A Practical Guide to Cluster Randomised Trials in Health Services Research
Cluster randomised trials are trials in which groups (or clusters) of individuals are randomly allocated to different forms of treatment. In health care, these trials often compare different ways of managing a disease or promoting healthy living, in contrast to conventional randomised trials which randomise individuals to different treatments, classically comparing new drugs with a placebo. They are increasingly common in health services research. This book addresses the statistical, practical, and ethical issues arising from allocating groups of individuals, or clusters, to different interventions.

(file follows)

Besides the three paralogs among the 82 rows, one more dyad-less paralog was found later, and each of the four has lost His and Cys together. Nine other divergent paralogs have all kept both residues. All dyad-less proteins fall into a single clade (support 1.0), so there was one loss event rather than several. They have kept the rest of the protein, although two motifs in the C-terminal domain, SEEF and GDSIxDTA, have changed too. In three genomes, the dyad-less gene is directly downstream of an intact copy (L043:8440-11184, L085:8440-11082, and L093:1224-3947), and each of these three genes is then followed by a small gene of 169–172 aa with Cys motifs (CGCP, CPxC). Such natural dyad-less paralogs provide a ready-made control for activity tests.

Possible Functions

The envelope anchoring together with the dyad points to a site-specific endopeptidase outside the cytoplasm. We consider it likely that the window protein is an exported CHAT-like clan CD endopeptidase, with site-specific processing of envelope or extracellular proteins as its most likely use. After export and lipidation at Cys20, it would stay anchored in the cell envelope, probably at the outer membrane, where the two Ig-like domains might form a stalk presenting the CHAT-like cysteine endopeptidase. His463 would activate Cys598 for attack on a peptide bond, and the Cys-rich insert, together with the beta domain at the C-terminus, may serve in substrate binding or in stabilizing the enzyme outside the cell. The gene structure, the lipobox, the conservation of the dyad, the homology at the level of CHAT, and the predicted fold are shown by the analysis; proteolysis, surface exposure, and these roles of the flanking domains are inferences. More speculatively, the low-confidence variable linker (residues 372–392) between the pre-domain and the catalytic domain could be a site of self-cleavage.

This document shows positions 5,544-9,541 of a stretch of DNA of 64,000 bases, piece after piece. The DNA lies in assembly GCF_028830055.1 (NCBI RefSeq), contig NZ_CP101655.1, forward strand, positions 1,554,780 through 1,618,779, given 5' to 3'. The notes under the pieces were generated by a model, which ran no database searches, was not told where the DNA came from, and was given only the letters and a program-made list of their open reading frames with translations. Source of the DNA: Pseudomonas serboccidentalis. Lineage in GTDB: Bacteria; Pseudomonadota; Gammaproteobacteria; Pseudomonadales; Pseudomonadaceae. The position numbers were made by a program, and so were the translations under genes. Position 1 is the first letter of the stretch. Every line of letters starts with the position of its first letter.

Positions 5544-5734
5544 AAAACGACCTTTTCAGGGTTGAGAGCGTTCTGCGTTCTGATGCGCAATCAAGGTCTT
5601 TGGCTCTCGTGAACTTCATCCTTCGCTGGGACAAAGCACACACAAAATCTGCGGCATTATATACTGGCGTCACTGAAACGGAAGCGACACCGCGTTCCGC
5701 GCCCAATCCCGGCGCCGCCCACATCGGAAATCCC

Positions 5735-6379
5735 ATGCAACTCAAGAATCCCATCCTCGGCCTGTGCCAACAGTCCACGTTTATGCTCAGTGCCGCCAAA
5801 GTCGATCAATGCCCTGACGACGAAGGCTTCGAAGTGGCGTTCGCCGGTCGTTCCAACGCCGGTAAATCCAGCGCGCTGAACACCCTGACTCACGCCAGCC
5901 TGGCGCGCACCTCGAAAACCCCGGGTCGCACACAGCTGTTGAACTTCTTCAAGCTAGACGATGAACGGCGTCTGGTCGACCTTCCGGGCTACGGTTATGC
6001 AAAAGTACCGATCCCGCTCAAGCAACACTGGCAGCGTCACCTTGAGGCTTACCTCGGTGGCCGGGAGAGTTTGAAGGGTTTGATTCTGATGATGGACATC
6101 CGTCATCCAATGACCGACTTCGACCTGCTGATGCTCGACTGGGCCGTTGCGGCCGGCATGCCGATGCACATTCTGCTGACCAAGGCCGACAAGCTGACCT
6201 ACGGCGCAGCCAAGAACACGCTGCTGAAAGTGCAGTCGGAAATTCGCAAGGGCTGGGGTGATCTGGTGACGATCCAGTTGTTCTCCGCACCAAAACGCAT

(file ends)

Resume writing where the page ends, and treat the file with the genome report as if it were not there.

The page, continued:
This book is intended as a practical guide, written for researchers from the health professions including doctors, psychologists, and allied health professionals, as well as statisticians involved in the design, execution, analysis and reporting of cluster randomised trials. Those with a more general interest will find the plentiful examples illuminating.